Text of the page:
Posted: 06/08/2019

“It was once in our DNA to know and understand where our food and drink came from. Can we claw it back again?”

View from HQ

“Can you see the food in our view, John?” asked a charismatic Spanish hotel owner as we stood on his terrace looking at the Picos de Europa National Park and on to the Atlantic Ocean.  

A little contrived, possibly, but well-meant and backed up with genuine knowledge of his terroir.  He therefore got away with it.

July saw me considering two contrasting gastro-views. And I do mean actual mountains, hills and green stuff, not opinions. One was on a sunny day in Gloucestershire, at the launch of Happerley England.

Here, Happerley’s Matthew Rymer told us why he is on a mission to get food producers embracing traceability and the provenance of every ingredient listed on their labels. 

The high-profile launch (see page 11) included a panel discussion where I was the least famous or sensible: Adam Henson (farmer turned Sunday night TV fixture), Phil Vickery (the rugby one) and senior dudes from the Co-op and Clydesdale Bank.  

Then, at the end of the month, Tortie and I were whisked to Oviedo in Spain, where that ‘seeing the food in the view’ thing was actually real. 

 We were taken into the caves in those mountains at Cabrales (a Roquefort-bashing blue cheese), the hotel was harvesting everything from the land and the sea in that view, and we took part in a tutored cheese-tasting given by a 23-year-old lady freshly qualified from the Slow Food university. She was unfazed by the Asturian dignitaries and eminent cheesemakers that were in the 30-strong delegation.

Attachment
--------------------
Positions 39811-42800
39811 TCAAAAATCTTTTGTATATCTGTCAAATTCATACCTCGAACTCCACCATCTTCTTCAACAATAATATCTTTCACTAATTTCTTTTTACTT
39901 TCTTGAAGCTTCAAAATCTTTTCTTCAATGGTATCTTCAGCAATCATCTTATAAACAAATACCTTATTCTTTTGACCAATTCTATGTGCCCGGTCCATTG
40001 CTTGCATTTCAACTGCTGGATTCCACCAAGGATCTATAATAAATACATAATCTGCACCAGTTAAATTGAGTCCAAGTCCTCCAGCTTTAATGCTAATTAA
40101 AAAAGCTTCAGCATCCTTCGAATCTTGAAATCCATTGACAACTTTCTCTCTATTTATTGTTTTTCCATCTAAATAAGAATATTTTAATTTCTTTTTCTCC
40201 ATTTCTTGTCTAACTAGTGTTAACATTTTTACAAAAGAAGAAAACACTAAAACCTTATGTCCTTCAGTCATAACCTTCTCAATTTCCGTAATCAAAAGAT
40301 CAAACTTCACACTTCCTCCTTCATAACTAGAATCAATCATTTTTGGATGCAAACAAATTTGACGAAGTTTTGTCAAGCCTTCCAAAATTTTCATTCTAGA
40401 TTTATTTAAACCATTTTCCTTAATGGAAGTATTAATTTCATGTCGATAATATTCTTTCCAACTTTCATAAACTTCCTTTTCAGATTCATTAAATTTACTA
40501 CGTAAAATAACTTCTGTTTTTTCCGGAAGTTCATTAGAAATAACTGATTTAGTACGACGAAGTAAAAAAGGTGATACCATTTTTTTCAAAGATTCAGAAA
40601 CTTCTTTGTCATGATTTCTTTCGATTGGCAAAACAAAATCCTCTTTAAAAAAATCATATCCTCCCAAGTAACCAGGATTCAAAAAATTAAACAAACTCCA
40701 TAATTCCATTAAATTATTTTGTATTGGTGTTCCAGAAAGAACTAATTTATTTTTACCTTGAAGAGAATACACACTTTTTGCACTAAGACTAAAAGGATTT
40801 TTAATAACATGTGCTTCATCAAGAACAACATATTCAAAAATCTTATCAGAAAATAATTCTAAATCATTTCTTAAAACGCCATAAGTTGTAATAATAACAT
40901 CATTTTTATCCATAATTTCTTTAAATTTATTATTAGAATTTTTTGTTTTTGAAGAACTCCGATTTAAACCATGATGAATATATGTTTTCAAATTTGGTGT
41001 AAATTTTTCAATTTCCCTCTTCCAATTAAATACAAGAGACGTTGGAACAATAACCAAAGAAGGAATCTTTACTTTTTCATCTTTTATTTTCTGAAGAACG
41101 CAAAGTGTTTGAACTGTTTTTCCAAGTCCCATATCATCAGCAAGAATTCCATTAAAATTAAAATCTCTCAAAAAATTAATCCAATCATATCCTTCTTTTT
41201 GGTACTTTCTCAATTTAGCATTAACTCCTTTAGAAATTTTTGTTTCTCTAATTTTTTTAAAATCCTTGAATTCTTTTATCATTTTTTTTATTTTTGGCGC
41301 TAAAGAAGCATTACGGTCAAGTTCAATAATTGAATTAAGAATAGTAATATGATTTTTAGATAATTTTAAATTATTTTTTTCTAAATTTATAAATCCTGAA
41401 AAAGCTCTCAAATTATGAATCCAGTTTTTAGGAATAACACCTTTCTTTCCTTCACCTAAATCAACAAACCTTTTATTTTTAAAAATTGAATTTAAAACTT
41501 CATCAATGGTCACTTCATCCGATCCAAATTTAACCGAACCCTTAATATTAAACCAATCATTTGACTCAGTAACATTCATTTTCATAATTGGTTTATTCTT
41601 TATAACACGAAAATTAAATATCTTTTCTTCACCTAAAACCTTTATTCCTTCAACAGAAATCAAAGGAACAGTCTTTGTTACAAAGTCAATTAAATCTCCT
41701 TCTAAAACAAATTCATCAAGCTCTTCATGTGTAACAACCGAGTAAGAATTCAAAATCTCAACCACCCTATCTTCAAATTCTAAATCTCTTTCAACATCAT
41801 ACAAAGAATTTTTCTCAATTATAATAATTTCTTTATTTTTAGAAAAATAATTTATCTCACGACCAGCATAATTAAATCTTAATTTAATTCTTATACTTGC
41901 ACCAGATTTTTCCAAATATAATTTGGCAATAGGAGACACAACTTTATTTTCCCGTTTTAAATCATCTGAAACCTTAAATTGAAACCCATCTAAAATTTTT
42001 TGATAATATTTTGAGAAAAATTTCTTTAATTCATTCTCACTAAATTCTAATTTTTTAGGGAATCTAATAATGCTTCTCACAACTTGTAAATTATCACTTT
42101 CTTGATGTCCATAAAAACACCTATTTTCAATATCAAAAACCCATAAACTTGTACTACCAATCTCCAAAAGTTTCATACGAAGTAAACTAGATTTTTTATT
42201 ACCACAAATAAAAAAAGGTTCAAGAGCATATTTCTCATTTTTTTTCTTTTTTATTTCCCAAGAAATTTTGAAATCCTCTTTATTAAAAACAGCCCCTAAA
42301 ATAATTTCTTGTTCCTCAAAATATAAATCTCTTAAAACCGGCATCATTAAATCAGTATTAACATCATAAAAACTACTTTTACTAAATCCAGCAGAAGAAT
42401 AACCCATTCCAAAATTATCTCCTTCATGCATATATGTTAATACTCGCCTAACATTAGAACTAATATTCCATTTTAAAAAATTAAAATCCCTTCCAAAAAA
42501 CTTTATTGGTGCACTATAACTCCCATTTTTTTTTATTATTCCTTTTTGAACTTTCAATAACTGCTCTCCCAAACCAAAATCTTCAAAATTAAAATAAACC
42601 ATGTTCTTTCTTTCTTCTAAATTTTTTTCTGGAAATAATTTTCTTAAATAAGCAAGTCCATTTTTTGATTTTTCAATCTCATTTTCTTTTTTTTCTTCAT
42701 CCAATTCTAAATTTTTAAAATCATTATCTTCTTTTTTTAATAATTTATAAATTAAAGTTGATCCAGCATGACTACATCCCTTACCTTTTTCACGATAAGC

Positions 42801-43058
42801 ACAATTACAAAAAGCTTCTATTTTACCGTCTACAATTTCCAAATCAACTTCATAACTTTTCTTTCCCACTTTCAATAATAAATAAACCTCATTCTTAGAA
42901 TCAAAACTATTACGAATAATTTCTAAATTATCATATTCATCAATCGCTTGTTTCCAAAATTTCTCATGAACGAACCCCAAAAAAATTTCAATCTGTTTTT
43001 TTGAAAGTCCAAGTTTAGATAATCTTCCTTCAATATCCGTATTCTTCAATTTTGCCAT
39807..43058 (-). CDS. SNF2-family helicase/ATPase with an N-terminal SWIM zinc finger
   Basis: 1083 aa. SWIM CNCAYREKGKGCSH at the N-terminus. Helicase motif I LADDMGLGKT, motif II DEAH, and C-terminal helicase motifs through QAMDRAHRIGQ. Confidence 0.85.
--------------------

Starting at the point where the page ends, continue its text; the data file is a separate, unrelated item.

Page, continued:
Was it the heady mixture of the excellent local ciders at that tasting (where there is amazing cheese there is normally quality cider), the number of protected-name cheeses in this region when we have so few, or the fact that I was pretty travel weary? I’m not sure. But suddenly I was in a grump. 

Awareness of local food is instinctive in much of Europe. Maybe we’re getting it back, but I resented the need for folk like Matthew Rymer to go on a worthy campaign to expose cases of style over substance.

It was once in our DNA to know and understand where our food and drink came from, whether it was safe to eat and whether it tasted great.  

Can we claw it back again and see the food in our own view? 

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